Johnson & Johnson ‘buys’ to fight generic competition

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Johnson & Johnson reported on 13 October 2009 that third-quarter revenue from pharmaceuticals fell 14.1% to US$5.3 billion (Euros 3.59 billion) compared to the prior-year period, due to generic competition and the negative impact of currency exchange. Net income for the three-month period increased 1.1% to US$3.3 billion (Euros 2.23 billion), due in part to reduced costs from job reductions and the consolidation of the company's management structure.


In the pharmaceuticals unit, revenue for Remicade rose 5.9% to US$1 billion (Euros 676.54 million), compared to the year-ago period in 2008, while sales of Risperdal Consta were up 4.4% to US$353 million (Euros 238.82 million). Combined sales for Procrit/Eprex dropped 12.4% to US$542 (Euros 366.62 million) million, and generic competition negatively affected revenue for Risperdal and Topamax, which fell 40% and 76%, respectively, to US$192 million (Euros 129.88 million) and US$175 (Euros 118.37 million), compared with the same period in 2008. Overall sales for the company for the three months ending 30 September 2009 were down 5.3% to US$15.1 billion (Euros 10.2 billion), in line with analysts’ estimates of around US$15.2 billion (Euros 10.3 billion).

WBB Securities Analyst, Mr Steve Brozak, called the results a shocker, explaining that Johnson & Johnson pretty much [has] made it clear now that they've got to buy their future. They've got to buy products and buy them at an earlier stage than they ever have before. Analyst Erik Gordon of the University of Michigan's Ross School of Business added that he believes Johnson & Johnson has been hit the worst by generic competition in the industry.

For the full year, Johnson & Johnson raised its earnings guidance to US$4.54 to US$4.59 per share, from a previous range of US$4.45 to US$4.55. CEO William Weldon remarked that the company expects future growth to be driven by recent acquisitions and strategic partnerships, such as a stake in Crucell and in Elan, as well as new product approvals.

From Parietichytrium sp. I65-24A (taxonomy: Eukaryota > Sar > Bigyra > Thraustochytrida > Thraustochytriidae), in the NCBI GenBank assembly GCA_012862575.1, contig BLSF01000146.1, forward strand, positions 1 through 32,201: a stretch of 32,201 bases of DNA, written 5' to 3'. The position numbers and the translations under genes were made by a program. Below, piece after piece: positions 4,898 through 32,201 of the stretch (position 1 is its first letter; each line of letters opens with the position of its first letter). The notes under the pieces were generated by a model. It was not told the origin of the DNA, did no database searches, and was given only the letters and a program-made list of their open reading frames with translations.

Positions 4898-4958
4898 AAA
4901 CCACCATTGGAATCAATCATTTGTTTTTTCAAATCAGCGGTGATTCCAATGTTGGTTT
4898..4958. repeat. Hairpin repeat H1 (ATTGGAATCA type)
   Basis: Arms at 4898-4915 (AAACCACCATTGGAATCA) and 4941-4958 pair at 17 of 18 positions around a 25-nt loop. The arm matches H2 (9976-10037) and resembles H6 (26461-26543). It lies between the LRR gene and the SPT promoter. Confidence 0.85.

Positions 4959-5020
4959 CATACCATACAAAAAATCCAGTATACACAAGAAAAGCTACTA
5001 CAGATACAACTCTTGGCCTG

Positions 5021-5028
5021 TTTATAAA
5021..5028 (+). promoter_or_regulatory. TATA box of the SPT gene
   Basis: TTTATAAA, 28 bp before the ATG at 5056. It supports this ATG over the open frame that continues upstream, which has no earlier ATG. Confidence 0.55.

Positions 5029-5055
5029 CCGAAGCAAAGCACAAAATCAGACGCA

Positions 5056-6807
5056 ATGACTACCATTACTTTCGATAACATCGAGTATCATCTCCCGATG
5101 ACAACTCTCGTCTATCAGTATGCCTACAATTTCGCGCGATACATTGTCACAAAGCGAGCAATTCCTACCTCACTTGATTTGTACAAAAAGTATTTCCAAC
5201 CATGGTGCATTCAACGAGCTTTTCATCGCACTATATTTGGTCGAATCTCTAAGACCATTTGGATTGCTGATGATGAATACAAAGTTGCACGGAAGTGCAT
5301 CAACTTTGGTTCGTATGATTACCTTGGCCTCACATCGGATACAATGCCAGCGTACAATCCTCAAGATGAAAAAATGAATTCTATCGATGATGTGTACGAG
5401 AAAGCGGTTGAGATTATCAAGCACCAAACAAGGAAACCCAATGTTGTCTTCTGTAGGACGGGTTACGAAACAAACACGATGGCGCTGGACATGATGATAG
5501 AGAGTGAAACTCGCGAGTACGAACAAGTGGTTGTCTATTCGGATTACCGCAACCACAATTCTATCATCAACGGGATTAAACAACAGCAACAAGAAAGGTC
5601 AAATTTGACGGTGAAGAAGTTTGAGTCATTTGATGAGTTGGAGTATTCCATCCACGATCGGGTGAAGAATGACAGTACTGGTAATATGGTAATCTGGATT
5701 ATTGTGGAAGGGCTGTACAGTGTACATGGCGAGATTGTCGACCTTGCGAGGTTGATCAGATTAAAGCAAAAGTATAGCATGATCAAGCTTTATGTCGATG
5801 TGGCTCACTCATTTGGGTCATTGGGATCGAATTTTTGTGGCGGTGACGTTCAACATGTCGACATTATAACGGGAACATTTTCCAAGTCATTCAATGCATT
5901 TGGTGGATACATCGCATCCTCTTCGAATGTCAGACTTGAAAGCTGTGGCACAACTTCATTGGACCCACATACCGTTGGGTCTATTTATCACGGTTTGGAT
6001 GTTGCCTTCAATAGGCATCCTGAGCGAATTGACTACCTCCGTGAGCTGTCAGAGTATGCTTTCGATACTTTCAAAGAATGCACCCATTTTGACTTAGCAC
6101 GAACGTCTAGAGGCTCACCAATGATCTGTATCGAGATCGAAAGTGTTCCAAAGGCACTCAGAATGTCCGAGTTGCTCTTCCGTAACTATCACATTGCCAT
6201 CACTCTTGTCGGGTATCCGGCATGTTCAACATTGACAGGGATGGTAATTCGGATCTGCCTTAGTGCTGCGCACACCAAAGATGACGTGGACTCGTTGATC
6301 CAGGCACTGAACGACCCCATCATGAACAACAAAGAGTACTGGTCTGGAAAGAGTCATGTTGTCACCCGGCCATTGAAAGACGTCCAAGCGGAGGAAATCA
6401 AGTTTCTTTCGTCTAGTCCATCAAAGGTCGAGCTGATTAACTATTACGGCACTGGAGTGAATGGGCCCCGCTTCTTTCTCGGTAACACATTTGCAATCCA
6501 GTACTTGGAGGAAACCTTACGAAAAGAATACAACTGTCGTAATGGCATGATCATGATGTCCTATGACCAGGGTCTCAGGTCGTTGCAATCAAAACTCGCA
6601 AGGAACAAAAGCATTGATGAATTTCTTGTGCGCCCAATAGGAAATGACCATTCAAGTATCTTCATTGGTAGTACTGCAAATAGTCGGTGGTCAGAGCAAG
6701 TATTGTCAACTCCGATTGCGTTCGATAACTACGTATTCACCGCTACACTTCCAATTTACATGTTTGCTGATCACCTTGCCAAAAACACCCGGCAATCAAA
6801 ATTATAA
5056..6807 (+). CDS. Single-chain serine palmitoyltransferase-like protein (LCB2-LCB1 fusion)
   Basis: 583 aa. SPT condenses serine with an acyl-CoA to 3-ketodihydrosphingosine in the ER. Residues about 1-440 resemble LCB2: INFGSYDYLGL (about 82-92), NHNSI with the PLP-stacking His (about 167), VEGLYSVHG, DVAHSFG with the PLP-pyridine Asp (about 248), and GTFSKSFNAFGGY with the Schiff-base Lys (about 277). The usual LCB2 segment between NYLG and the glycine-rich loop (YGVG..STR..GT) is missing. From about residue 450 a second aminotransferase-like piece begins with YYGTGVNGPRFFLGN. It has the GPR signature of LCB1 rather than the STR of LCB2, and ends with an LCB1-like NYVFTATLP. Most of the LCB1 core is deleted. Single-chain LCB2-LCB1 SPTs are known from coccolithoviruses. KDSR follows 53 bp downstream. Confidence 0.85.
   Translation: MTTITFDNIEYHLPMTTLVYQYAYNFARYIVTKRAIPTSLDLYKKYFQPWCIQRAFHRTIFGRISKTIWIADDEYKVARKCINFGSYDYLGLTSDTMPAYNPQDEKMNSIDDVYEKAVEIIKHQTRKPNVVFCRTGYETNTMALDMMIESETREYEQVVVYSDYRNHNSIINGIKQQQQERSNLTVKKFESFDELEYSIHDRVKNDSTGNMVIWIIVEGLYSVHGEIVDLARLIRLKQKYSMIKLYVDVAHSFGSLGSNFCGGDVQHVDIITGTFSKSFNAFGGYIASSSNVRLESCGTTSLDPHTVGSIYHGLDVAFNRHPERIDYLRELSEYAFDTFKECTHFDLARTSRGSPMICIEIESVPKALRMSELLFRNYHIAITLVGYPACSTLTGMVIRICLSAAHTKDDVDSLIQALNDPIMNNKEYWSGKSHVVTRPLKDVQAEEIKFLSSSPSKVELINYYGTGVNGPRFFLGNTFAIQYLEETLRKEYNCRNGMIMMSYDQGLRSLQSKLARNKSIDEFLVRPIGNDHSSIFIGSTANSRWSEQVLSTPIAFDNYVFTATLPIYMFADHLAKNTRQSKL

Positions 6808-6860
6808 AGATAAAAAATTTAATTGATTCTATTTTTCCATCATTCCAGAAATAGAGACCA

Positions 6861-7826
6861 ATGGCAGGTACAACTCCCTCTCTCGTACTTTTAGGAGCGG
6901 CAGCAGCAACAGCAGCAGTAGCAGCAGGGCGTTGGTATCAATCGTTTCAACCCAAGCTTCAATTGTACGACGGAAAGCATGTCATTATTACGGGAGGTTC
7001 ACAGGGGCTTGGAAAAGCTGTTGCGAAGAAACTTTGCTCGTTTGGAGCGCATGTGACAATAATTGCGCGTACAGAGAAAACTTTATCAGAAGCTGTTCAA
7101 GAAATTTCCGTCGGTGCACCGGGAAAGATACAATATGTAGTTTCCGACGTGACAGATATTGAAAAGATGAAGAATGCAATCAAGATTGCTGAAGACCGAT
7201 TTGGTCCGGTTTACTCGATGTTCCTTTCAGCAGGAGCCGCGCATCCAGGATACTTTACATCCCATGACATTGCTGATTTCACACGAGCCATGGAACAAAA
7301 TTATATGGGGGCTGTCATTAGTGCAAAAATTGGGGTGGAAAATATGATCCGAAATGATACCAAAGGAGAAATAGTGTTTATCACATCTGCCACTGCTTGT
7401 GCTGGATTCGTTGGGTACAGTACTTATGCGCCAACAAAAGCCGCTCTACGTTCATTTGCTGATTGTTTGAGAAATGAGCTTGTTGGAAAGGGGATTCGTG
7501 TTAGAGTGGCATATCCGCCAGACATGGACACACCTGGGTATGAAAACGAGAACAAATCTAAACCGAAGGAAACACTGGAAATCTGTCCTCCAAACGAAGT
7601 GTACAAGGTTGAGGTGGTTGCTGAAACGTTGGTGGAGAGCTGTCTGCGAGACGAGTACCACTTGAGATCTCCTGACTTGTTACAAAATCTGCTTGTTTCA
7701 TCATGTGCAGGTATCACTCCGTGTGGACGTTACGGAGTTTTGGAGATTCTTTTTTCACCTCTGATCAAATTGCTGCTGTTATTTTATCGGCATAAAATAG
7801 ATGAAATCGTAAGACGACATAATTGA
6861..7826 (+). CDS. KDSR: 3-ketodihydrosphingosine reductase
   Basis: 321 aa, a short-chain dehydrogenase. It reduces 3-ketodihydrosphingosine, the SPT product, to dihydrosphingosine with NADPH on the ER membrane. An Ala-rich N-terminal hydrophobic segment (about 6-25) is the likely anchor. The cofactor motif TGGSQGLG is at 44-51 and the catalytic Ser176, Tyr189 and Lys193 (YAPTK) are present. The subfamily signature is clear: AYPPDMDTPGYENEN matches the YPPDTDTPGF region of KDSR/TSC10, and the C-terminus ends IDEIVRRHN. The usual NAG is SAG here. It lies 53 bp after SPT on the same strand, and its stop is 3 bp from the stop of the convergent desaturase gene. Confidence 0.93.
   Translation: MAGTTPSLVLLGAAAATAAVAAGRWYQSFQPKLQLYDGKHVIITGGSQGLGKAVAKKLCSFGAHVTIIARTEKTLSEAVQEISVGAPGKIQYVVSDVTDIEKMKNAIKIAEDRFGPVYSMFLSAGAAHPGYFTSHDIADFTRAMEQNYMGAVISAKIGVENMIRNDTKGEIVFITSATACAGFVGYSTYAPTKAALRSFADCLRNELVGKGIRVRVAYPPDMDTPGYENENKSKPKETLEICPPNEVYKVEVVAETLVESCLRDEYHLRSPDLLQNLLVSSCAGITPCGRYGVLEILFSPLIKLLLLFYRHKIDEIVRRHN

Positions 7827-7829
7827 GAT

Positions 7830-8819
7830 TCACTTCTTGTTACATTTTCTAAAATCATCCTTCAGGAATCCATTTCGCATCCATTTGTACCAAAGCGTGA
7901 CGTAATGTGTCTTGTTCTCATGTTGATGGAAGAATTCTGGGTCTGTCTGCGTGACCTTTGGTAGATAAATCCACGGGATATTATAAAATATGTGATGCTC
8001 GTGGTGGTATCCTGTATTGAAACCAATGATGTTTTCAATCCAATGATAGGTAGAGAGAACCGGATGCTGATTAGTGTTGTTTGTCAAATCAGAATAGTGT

Johnson & Johnson purchased an 18% stake in Crucell for Euros 301.8 million (US$442 million) as part of the collaboration focused on the treatment and prevention of influenza, as well as other diseases, the companies announced on 28 September 2009. The deal, which saw Johnson & Johnson buy 14.6 million shares in Crucell at a 30% premium to their average price over the past 35 days, also includes potential milestones and royalty payments linked to the successful development of products.

The companies noted that the agreement would initially focus on the development of a universal monoclonal antibody (flu-mAb) for treating and preventing infections with all influenza A strains, including H1N1 and H5N1. SNS Securities Analyst, Ms Ilja Zaanen said that with regards to the antibody, although the drug is still in a very early stage, Crucell would not have been able to support the expensive late clinical trials on its own. Royal Bank of Scotland Analyst, Mr Mutlu Gundogan, said that Crucell might no longer be a potential takeover target in the short term.

In the longer term, Johnson & Johnson and Crucell will work on new discovery programmes for a universal influenza vaccine, as well as monoclonal antibodies and vaccines targeting up to three other infectious and non-infectious diseases. Johnson & Johnson will hold commercialisation rights for products resulting from the collaboration in all countries except the EU and certain additional European countries.

Johnson & Johnson records 14.1-% drop in 3Q pharmaceutical sales. FirstWord. 2009 Oct 13.

Johnson & Johnson buys 18-% stake in Crucell, companies form collaboration. FirstWord. 2009 Sep 28.

Source: FirstWord

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